The measurement of BOD (Biochemical Oxygen Demand) and COD (Chemical Oxygen Demand) is crucial in determining the level of organic pollution in water bodies. Both BOD and COD tests are widely used in environmental analysis to assess water quality. In this article, we will delve into the details of how these measurements are calculated.
What is BOD?
BOD is a measure of the amount of dissolved oxygen required by aerobic microorganisms to decompose organic matter in water. It indicates the level of organic pollution present in the water. The higher the BOD value, the greater the amount of organic material present, which can deplete oxygen levels and harm aquatic life.
How is BOD Calculated?
To calculate BOD, a laboratory test called the BOD5 test is typically performed. This test measures the dissolved oxygen (DO) levels before and after a period of five days under controlled conditions.
The calculation formula for BOD is:
BOD = DOi – DOf
- DOi represents the initial dissolved oxygen concentration (in mg/L) at the beginning of the 5-day incubation period.
- DOf represents the final dissolved oxygen concentration (in mg/L) after 5 days.
What is COD?
COD is another important parameter used to assess water quality. It measures the amount of oxygen required to chemically oxidize both biodegradable and non-biodegradable organic compounds in water. Unlike BOD, COD provides a more comprehensive evaluation by including substances that cannot be broken down by microorganisms.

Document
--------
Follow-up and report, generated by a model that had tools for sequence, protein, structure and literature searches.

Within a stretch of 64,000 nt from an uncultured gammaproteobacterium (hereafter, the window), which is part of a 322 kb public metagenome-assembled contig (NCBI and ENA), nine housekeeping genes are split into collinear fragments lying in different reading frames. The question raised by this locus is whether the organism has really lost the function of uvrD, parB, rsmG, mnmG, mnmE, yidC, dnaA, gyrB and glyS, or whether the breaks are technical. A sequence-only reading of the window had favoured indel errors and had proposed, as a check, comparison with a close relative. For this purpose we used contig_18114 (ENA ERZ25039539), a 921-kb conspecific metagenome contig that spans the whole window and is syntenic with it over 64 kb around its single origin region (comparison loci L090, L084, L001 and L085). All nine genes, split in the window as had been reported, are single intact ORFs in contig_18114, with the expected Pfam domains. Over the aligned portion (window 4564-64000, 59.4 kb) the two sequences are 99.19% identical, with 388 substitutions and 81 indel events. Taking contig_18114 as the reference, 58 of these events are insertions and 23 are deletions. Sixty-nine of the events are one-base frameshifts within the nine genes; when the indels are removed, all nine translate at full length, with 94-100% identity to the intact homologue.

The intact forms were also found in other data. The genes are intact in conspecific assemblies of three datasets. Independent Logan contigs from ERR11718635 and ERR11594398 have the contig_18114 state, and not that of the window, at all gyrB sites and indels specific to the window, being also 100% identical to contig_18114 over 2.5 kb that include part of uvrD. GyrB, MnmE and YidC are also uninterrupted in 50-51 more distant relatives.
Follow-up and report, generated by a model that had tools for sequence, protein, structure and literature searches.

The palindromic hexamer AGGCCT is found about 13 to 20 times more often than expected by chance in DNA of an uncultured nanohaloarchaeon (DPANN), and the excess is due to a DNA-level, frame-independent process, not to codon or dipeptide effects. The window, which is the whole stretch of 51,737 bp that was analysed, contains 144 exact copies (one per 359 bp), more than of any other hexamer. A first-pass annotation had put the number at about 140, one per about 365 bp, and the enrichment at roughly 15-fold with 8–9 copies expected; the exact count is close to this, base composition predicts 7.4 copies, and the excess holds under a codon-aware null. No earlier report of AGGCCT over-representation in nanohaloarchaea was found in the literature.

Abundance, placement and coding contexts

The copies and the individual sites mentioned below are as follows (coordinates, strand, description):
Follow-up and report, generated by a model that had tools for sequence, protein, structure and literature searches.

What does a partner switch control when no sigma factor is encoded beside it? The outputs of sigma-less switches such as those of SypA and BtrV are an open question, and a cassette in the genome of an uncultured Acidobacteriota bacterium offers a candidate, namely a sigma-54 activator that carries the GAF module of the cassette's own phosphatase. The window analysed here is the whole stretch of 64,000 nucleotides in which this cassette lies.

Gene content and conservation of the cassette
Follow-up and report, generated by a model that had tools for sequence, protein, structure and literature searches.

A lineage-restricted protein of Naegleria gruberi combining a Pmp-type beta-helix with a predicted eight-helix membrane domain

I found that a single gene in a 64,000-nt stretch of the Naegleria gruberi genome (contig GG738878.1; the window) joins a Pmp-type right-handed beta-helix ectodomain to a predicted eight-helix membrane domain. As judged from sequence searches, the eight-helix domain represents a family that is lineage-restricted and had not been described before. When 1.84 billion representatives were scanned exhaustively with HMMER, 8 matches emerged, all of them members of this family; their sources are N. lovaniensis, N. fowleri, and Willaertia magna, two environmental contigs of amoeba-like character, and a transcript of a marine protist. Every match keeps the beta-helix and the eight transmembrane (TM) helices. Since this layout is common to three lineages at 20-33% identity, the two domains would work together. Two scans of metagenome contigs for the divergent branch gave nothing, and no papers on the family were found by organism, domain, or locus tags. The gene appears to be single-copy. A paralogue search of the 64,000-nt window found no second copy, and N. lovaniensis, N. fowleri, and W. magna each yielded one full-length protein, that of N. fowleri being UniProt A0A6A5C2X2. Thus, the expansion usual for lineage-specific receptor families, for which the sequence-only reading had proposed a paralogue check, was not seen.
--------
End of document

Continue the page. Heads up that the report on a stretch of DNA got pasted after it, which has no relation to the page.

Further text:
How is COD Calculated?
The calculation of COD involves a laboratory test called the COD test. In this test, a strong oxidizing agent, such as potassium dichromate (K2Cr2O7), is added to the water sample. The oxidizing agent reacts with the organic matter, producing a color change.
The formula to calculate COD is:
COD = (V1 – V0) × N × 8000 / V
- V1 represents the volume (in mL) of the titrant solution used in the blank determination.
- V0 represents the volume (in mL) of the titrant solution used in the sample determination.
- N represents the normality of the titrant solution.
- V represents the volume (in mL) of the water sample taken for analysis.
Difference Between BOD and COD Measurements
The main difference between BOD and COD measurements lies in their principles. BOD measures the oxygen consumed by microorganisms during biological degradation, while COD measures both biodegradable and non-biodegradable organic compounds by chemical oxidation. Consequently, BOD takes longer to determine compared to COD since it relies on microbial activity over a period of five days.
BOD and COD measurements play a vital role in assessing water quality and determining the level of organic pollution. By understanding the principles and calculations behind BOD and COD, environmental analysts can effectively evaluate the impact of organic matter on water bodies.
By implementing these calculations, we can better monitor, manage, and protect our valuable water resources for a sustainable future.